I'm currently trying to work on a minimization problem using D-Wave hybrid and quantum machines.

The problem is, shortly, an energy optimization for a network of switches and servers, linked as a binary tree, with the servers as leaves. The tree is tested with various depth, but the problems I'll list below show as soon as a depth of 2 or 3.

Being new on the SDK (and in Quantum Computing in general) I'm having some difficulties on the resolution of it, 2 things in particular:

  • Apparently the problem is too large to be computed by the full quantum machine, so I've been directed towards a decomposer, which should decompose the problem in a way it becomes solvable. I've trying to read the docs but the examples are a bit vague and when i try to apply them to other problems besides the ones showed in the examples I get no real solutions. Moreover I don't understand if it takes a second phase after the decomposition and solution where I should compose the problem with the composer
  • I've formulated the problem as a CQM, then converted it with the apposite function cqm_to_bqm() to a BQM. From what I've understood from D-Wave videos and tutorials, the BQM should take less time than the CQM, instead it takes 40-50 times more and returns a way worse energy solution. Is there some hidden problem in converting from CQM to BQM or maybe is it still linked to the previous problem with too much variables to be computed efficiently?

I'm sorry if these could be silly questions, but I'm really new to this whole world, and it's not easy to learn.


1 Answer 1


First of all, it is possible that your problem has really too many variables (you did not specify the number). I also exprimented with D-Wave and found out that problmes with more than 100 binary variables can be infeasible on purely quantum annealer. This is not caused by small number of qubits but poor connectivity among them. As a result, the problem has to be embedded to structure of qubits in D-Wave quantum processor using ancilla qubits. For large problems, this task can take very long time (actually, the emedding problem is solved classically and as far as I know, it is in NP!). Instead, I rather used hybrid solver which combines QPU with classical solvers. In this case, I was able to solve problems with almost 400 binary variables quickly and succesfully (according to D-Wave, it would be possible to solve problems with thousands or even million variables but I did not try).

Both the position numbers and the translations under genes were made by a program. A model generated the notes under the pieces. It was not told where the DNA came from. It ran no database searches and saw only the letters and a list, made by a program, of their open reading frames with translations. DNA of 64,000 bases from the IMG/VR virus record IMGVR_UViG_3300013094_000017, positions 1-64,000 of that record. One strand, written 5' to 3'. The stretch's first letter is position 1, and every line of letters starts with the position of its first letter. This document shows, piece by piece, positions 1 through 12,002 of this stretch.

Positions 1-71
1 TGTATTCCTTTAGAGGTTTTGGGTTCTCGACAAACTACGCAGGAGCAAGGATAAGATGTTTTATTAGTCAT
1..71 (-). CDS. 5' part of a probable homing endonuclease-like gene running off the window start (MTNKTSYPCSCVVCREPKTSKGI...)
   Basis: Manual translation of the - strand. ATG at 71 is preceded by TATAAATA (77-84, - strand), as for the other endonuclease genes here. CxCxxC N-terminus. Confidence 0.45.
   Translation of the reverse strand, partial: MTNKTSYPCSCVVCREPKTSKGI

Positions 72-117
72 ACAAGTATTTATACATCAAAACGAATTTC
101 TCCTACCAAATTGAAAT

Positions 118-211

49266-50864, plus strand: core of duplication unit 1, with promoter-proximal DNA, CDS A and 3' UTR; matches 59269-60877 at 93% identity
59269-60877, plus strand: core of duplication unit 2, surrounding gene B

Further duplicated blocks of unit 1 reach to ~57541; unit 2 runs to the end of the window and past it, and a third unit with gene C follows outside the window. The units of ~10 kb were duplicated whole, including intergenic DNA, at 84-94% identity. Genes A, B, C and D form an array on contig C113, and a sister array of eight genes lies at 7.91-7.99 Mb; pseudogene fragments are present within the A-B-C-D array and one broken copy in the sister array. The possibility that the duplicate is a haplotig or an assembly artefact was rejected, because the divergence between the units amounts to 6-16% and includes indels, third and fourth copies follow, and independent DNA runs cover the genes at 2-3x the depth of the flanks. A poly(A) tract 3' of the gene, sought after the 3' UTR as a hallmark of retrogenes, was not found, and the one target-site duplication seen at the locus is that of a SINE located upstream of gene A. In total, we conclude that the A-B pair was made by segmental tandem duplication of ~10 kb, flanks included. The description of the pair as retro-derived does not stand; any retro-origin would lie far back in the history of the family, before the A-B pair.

Concerning conversion from continuous problem to binary one, you probably face the same issue as with embedding binary problem to structure of D-Wave QPU. All real variables in the probles have to be binarized. Number of binary variables depends on accuracy you require. From problem having tens of variables, you can easily come to binary one withou hundreds or even thousands binary variables. And then you have to again embed the problem to QPU.

Here you can find my codes I used in my project with D-Wave. The project involved portfolio optimization which is continuous quadratic problem. Hence, I had to binarize it (I came up with my own approach, see the codes). In the codes, you can also see how to call different types of solvers (quantum, classical and hybrid ones). I hope this codes would be helpful, at least as a study material. To be honest, D-Wave documentation and tutorials are not very user-friendly.

And here is my paper where results and issues with solving QUBO on IBM and D-Wave quantum computers are discussed.

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    $\begingroup$ Thank you for your answer! The number of variables is (4 + l)/2 * n^2 + n Where l is the number of leaves and n is the number of nodes. I'll surely read your paper and look at your code, hopefully it'll help me solve my problems and learn something about this world. Thank you very much! $\endgroup$ Aug 2, 2023 at 13:01

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